PHP Cryptographic Functions For Passwords

27th March 2009 - 6 minutes read time

There are three available cryptographic functions in PHP, these are md5(), sha1() and crc32(). All of the functions take a string and output a value that is encrypted and can't be reversed to the original string. In fact the only way to get the original string back is to run a brute force algorithm which tries to guess what the original string was.

To test these functions I will use the following string.

$string = 'wibble';

md5()

This function returns the hash as a 32-character hexadecimal number. The md5() function is used quite a bit and most PHP programmers will have come across it at some point.

md5($string);
//returns 50eccc6e2b0d307d5e8a40fb296f6171

The md5() and sh1() functions have a second parameter which makes the function return binary data if set to true (the default is false). This returns binary data, which can be turned back into a hexadecimal number by using the bin2hex() function.

bin2hex(md5($string, true));

This function returns the same as in the previous example.

sha1()

sha1() returns the sha1 hash as a string 40 characters long. This function is more secure than the md5() function as there is a lesser chance of guessing what the original string was.

sha1($string);
//returns 02e0182ae38f90d11be647e337665e67f9243817

The sha1() function can also be made to return binary data if the second optional parameter is set to true.

crc32()

This isn't really a cryptographic function, but it can be used in a similar way as a string will always come out with the same result. This function returns the crc32 polynomial of a string as an integer.

crc32($string);
//returns 489363548

Because of the way that PHP stores integers (as signed), quite a few of the results of this function will be negative. For example, the string "wibble" will return a positive integer, but the string "wobble" will return a negative number, which must be compensated for. This can be fixed by using the "%u" formatter of the sprintf() function, which will return a string containing the correct integer value.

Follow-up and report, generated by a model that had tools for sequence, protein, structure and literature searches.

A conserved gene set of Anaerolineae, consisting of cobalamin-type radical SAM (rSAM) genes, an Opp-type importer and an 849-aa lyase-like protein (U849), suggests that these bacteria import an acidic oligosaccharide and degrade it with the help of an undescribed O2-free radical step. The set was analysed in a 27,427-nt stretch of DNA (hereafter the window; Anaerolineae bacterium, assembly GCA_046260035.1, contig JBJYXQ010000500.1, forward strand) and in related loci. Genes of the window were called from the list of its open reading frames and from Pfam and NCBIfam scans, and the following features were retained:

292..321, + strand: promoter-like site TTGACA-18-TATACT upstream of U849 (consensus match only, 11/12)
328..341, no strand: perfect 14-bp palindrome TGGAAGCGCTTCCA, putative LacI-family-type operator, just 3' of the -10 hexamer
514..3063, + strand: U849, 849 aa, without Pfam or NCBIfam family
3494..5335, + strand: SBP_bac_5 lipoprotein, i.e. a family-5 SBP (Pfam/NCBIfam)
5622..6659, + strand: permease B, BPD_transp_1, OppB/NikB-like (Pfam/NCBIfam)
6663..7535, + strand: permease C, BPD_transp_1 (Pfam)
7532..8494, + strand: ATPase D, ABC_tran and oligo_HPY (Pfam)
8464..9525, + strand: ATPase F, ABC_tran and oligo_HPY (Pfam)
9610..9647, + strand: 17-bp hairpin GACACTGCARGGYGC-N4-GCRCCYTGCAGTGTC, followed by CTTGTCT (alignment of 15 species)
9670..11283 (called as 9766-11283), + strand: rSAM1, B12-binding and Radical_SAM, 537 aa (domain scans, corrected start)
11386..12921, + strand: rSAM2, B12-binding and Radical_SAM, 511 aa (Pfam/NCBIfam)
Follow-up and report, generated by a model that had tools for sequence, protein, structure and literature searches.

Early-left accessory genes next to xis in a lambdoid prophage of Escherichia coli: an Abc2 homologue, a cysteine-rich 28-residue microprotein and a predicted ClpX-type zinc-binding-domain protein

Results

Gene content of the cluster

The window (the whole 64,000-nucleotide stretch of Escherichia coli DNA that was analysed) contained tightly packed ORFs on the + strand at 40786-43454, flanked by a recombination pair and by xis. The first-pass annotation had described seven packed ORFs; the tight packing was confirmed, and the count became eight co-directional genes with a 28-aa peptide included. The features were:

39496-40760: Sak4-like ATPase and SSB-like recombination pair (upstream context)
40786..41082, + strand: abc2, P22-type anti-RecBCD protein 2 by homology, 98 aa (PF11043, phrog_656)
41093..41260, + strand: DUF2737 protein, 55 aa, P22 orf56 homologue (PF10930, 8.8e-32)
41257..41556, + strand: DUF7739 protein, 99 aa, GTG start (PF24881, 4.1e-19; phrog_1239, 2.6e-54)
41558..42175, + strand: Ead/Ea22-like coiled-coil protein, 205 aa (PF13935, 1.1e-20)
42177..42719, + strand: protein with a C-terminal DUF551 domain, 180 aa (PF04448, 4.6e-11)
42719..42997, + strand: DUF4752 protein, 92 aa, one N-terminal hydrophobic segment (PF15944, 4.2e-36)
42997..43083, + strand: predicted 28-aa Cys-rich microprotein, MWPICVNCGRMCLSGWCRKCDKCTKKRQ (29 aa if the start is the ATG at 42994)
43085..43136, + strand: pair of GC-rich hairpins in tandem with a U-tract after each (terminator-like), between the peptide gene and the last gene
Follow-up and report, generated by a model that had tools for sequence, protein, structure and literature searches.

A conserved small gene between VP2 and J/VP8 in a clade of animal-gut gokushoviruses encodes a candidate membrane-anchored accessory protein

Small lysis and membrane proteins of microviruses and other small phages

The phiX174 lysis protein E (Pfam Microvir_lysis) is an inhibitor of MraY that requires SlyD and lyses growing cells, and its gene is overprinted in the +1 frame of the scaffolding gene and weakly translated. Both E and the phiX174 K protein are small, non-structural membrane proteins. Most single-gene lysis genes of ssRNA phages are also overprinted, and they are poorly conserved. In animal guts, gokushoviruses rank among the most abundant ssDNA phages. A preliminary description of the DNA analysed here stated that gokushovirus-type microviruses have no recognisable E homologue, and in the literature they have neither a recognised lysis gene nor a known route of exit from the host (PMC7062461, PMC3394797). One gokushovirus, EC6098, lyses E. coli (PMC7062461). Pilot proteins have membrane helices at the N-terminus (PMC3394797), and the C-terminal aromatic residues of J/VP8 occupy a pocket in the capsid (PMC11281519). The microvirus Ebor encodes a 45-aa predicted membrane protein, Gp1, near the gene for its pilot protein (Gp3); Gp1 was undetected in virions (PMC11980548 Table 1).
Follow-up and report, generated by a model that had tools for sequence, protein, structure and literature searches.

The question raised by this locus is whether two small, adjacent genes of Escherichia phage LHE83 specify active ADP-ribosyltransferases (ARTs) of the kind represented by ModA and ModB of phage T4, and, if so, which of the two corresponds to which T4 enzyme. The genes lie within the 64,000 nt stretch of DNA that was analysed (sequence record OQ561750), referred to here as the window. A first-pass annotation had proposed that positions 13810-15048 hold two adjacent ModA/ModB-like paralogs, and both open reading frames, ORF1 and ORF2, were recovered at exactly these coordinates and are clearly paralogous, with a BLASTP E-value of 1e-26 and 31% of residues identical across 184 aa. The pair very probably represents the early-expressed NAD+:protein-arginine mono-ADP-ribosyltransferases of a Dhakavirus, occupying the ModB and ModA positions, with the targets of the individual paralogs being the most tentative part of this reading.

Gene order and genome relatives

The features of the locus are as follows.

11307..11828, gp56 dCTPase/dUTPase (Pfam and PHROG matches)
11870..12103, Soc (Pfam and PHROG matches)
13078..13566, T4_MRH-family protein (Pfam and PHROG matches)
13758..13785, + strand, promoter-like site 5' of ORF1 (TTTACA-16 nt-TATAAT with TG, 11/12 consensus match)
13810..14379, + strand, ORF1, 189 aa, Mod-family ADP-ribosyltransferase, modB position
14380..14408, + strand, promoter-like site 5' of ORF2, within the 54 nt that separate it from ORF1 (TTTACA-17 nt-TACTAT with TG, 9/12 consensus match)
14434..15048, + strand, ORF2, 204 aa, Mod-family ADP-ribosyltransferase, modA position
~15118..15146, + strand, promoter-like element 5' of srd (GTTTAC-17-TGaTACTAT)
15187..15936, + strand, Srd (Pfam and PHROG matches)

This hashing function is intended to be used as part of a hash table and not as a mechanism of security. This is because it is very easy to generate a "hash collision" where two separate strings have the same hash value. I include this here to give you that warning.

sprintf("%u", crc32($string));
// returns 489363548

crypt()

The crypt() function will take a string as input and produce a variety of different outputs depending on the current system and environment. The salt is the second parameter and if you don't include this the function will generate a salt for you, which causes the outcome of the hash to be different every time. An important thing to note is that the value of the salt value effects what hashing algorithm is used. There are a set of constants that can be used if you want to detect if an encryption algorithm is available.

if ( CRYPT_STD_DES == 1 ) {
 crypt($string, 'st');
}
// returns something like "stNPuLMaoIxdU"

If you want to compare a password then you must pass the entire result of crypt() as the salt for a crypt of the password. For example, the following is incorrect.

$one = crypt('one');
$two = crypt('one');
var_dump($one == $two); // returns false

Adding a salt to the second crypt() call gives us the correct answer.

$one = crypt('one');
$two = crypt('one', $one);
var_dump($one == $two); // returns true

As with all hashing functions there is no decrypt function as this is a one way process.

hash()

The hash() function is a multi use function that takes two parameters as a default. The first is the hashing algorithm that will be used and the second is the string to be hashed. To encode the string using the whirlpool algorithm use the following code.

hash("whirlpool", $string);
// returns 91cefc6cc8eecf3a0ef18889bc3b06e7217ce7d41e1d0d5e37709415c3a98e450c53e62ae57680a011a08ef65429e6ba76701c703fcfc4c63938a4aa61737c38

To find out what hashing algorithms your system supports you can use the hash_algos() function. This returns an array of the available algorithms.

print_r(hash_algos());

If you have haval256,5 available in this list then I suggest you use it as it produces the safest hash value. More information about the hash functions can be found in the hash section of the PHP documentation.

Breaking The Code

It isn't possible to break a md5 of sha1 encoded string, but this can only be done by trying to guess the original value. The site md5.rednoize.com/ can break a string that you enter, but only because it contains 47 million hashes and can therefore reverse engineer the value of the hash.

To stop this happening to your passwords you can use what is called a salt value. Rather than directly encode the value of the password you store the password along with a salt, which is kept secret. An attacker needs to know the value of the salt value before they can correctly guess a users password.

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